Last Saturday we went for a day trip to the island of Chioggia. Weekends have been quite busy in Venice but Chioggia is less of a tourist destination. It is actually the home of the largest fishing fleet in Italy. It’s canals were calm and unspoiled with a few friendly locals passing by, which only made our lunch al fresco more special.

With the vaporetto line number 1 we arrived to Lido. From there we took the bus, line 11, which takes you the entire way to Chioggia. By the entire way I mean the bus being transported later on a ferry, after that reaching Pellestrina and then taking another boat waiting for the bus to take us finally to Chioggia. A smooth and well organised trip provided by public transport. It takes about two hours to get there from Venice, but we had so much fun.

On one of the occasions whilst discussing with the Dégustateur food in Italy and the vast choice of produce available, we agreed that the autumn for us is the most flavoursome and varied time of year.

Plums and apples to bake with. Chestnuts, walnuts and hazelnuts to follow. Pumpkin, cavolo nero and pomegranates. Mushrooms and truffles.Then the artichoke season starts along with all manner of radicchio from Veneto. On top of that I have just managed to buy the first puntarelle of the season at the next door barge at Campo San Barnaba.

I have been tasting and cooking a lot of local specialities, either by reproducing the flavours I’ve come across in trattorias or restaurants and asking questions or going through many older cook books with no pictures but being a mine of ideas and inspiration. We particularly love scallops. Apart from having them very often on a slightly spicier note pan fried witch chorizo or smoked paprika, I’ve been making them also the Venetian way. With time resulting in my own close interpretation of the tradition. Here I mean scallops au gratin or baked in a leek and prosecco sauce for example. Baked fish in salt is always a treat for us and I prepare it very often. We’ve recently had trout with herbs in cartoccio (au papillote) and moscardini in ever so slightly spicy tomato sauce with olives (olive tagiasche to be precise).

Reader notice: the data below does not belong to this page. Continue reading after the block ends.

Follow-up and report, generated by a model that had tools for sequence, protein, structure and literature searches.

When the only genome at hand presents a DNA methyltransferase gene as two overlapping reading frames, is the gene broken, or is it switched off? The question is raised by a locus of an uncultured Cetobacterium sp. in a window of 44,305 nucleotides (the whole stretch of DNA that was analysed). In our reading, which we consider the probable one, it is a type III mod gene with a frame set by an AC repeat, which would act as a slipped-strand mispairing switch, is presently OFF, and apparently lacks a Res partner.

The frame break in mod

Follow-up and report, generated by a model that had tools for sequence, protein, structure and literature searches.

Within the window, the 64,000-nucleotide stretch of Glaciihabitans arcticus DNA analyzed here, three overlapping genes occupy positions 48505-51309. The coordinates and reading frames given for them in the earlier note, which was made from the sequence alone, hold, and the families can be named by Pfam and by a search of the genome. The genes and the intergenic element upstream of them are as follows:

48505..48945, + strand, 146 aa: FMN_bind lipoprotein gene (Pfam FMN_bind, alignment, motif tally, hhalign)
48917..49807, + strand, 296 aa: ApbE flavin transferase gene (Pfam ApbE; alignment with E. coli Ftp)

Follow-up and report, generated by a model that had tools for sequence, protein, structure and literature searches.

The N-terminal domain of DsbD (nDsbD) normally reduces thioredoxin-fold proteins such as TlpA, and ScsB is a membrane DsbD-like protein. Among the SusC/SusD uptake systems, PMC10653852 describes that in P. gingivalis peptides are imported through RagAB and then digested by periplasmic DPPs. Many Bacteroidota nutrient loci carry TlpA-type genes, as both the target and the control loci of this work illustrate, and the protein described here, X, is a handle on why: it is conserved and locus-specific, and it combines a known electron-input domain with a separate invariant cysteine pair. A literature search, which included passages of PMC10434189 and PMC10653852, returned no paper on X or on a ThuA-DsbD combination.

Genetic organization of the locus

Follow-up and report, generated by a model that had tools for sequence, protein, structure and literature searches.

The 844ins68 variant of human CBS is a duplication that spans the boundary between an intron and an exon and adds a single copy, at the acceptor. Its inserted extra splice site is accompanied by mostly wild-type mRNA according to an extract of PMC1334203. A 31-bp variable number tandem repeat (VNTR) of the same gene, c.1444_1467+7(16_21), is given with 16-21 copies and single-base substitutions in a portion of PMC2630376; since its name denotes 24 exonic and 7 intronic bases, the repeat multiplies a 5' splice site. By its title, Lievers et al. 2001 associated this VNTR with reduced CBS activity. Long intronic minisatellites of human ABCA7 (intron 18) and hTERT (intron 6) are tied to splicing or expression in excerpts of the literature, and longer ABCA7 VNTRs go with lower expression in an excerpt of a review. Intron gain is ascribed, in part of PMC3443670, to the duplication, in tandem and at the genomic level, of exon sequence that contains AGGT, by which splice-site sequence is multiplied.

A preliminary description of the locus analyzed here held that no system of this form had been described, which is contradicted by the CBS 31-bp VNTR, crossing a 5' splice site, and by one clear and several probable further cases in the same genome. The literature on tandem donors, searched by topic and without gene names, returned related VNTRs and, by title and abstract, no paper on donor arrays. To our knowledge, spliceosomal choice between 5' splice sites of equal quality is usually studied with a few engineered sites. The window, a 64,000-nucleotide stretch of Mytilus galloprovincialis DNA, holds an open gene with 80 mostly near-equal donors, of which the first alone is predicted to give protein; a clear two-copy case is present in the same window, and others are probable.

I’ve made my first proper attempt to cook bouliabase, a very well known french fish soup. I asked my fish monger and he gave me three John Dory heads from which I prepared a very good stock, a crucial step towards preparing the dish. I finally made a use of the Pastis de Marselle, which I had bought a long time ago in France with exactly that purpose in mind. I was rather taken by the result and I will be making it again, most likely this week.

Fondi di carciofi, artichoke hearts play a very important role in the Venetian diet as well as when I want to quickly conjure up a lunch or dinner without too much planning. The fondi are readily available here in the markets and they are already prepared for you, but it doesn’t take a lot of effort to prepare the artichokes yourself. I cook them with enough stock, light chicken stock being my favourite, to dip a lovely crunchy bread into. Some gorgonzola dolce and a few slices of bresaola, a glass of Prosecco perhaps and to me, a very delectable meal is ready.

A radicchio, smoked pancetta and borlotti bean salad is a must try. It’s really worth it and so representative of the Veneto region. Use any radicchio you can find. I’ve noticed that many kinds of radicchio have become more accessible, popular and easier to find in grocery stores outside of Italy.

Occasionally, when I stay at home for a few days on my own, I cook myself chicken with chanterelle mushrooms. Normally I’d buy chicken legs which have so much more depth and cook them slowly, but during the days when it’s just me I like something quick. Instead, I cut a chicken breast into fairly thick slices and pan fry them with chanterelle mushrooms. It’s my latest favourite especially when finished with a few drops of Marsala. Oh, and some Pattate alla Veneziana to go with it. Love the combination.

Once you stay in Venice for a couple of days you will notice that polenta is very present in the local way of eating. For me it is a comfort food of Northern Italy. There are many ways of eating it: cold, cut and char grilled or as a creamy warm accompaniment to the protein.
Baking with polenta is no exception. Upon our arrival to Venice we discovered zaletti (polenta, raisin and grappa biscuits).They gain the yellow colour from the yellow polenta and in fact, in Venetian dialect, they translate to „little yellow” (biscuits).

Very often the raisins are pre-soaked in grappa but you can use marsala or rum instead if you don’t have grappa to hand. Giving zaletti an oval shape is traditional, but you could always be creative and make them round or of a shape of a walnut. Grating some lemon zest into the dough and adding some vanilla will only make them more delectable and I hope you will enjoy them too.


Venice, welcome!

August 5, 2020

Dreams and plans are wonderful to create, build and pursue. Some of them come true, some of them don’t, c’est la vie.